Wednesday, October 10, 2007

Sign the Petition against Another Sell-Out of British Columbia's Ancient Temperate Rainforests Possible


Rare mountain caribou threatened by further closed door, secret forest negotiations; survival depends upon ending logging in the full range of their ancient temperate rainforest habitat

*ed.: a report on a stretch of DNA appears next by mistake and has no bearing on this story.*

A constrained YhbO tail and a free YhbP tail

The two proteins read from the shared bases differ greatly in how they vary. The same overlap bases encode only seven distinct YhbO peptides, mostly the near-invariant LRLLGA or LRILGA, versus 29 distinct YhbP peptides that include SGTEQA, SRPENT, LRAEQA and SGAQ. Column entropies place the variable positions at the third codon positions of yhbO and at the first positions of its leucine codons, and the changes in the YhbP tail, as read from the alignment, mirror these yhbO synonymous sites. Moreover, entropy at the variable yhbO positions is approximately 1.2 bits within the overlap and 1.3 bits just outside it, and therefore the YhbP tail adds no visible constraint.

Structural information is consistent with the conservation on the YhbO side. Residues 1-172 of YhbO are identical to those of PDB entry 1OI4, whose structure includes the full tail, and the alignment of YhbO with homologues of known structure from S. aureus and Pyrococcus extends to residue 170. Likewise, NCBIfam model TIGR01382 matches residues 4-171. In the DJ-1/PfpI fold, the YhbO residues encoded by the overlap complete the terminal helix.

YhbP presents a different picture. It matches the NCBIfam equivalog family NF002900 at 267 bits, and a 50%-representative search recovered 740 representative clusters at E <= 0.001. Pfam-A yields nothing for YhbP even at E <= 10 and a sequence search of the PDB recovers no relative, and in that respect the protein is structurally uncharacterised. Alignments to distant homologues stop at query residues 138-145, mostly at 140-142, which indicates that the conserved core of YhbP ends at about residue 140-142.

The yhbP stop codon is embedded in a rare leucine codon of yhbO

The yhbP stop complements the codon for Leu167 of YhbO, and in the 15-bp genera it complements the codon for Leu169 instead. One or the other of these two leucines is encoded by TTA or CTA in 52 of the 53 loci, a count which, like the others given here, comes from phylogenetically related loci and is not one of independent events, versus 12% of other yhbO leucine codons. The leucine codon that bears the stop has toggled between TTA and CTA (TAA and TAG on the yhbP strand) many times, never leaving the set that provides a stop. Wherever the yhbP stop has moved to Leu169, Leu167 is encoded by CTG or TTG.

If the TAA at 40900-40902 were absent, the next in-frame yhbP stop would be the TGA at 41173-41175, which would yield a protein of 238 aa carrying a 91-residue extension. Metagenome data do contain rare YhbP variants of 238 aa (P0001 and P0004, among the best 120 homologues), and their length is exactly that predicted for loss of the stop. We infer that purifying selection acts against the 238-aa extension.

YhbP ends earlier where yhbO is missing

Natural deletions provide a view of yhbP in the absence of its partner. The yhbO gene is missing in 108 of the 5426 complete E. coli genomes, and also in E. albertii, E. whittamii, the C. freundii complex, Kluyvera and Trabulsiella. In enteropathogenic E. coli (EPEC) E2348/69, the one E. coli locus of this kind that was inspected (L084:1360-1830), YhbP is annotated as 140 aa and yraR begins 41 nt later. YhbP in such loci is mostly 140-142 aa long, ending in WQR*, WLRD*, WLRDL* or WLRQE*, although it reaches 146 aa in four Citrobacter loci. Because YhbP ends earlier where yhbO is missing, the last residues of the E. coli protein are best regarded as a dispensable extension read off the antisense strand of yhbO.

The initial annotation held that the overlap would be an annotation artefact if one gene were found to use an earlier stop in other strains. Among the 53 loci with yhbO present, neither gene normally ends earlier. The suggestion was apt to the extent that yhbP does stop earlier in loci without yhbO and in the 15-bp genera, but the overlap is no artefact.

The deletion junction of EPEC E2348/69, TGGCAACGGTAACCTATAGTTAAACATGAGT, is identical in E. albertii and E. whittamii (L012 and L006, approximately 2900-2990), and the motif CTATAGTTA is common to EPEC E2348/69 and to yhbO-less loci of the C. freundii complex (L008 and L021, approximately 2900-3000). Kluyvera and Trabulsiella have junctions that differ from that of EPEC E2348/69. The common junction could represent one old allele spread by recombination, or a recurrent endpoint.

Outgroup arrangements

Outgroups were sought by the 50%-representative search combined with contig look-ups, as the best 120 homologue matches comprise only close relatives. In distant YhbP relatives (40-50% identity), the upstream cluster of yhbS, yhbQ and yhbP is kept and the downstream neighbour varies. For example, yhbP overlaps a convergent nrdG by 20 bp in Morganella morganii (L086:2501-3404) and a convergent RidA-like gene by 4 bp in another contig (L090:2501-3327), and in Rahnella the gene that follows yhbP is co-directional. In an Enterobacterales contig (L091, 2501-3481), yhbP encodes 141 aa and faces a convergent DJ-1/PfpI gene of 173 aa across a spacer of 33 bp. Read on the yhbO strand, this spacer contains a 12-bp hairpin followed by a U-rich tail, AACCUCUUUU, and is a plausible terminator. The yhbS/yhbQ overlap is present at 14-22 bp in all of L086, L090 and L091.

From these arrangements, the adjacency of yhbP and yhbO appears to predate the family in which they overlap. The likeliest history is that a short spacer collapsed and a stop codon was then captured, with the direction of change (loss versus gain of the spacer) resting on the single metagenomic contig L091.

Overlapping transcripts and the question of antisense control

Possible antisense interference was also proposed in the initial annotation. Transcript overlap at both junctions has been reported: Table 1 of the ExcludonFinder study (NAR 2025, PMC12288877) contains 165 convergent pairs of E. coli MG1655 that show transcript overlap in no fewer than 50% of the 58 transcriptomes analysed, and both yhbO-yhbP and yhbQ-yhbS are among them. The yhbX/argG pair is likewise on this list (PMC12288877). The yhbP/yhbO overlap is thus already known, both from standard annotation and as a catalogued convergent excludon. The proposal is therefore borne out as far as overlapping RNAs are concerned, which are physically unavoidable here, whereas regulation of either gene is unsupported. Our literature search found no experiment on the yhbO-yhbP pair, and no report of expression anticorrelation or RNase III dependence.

If you did not like the negotiations that signed away two-thirds of British Columbia's (BC) Great Bear Rainforest for first time industrial logging of priceless ancient temperate rainforests, you will want to know that something even worse is happening in BC, Canada's Inland Temperate Rainforest, home of the world's only mountain caribou. These special caribou are totally dependent upon large areas of intact old-growth forest for their survival. But they are critically endangered and declining rapidly, with only about 1,800 animals left. The reason is that there has been too much logging and road building in their habitat... The caribou spend most of the year at high elevations, but twice each year they must descend to the valley bottoms to find shelter and food in the lush inland temperate rainforest. It is critical to their survival. This forest type contains ancient cedar trees commonly over 500 years old, and a spectacular array of rare and endangered lichens and plants. The cedar trees are storing huge amounts of carbon... The agency is now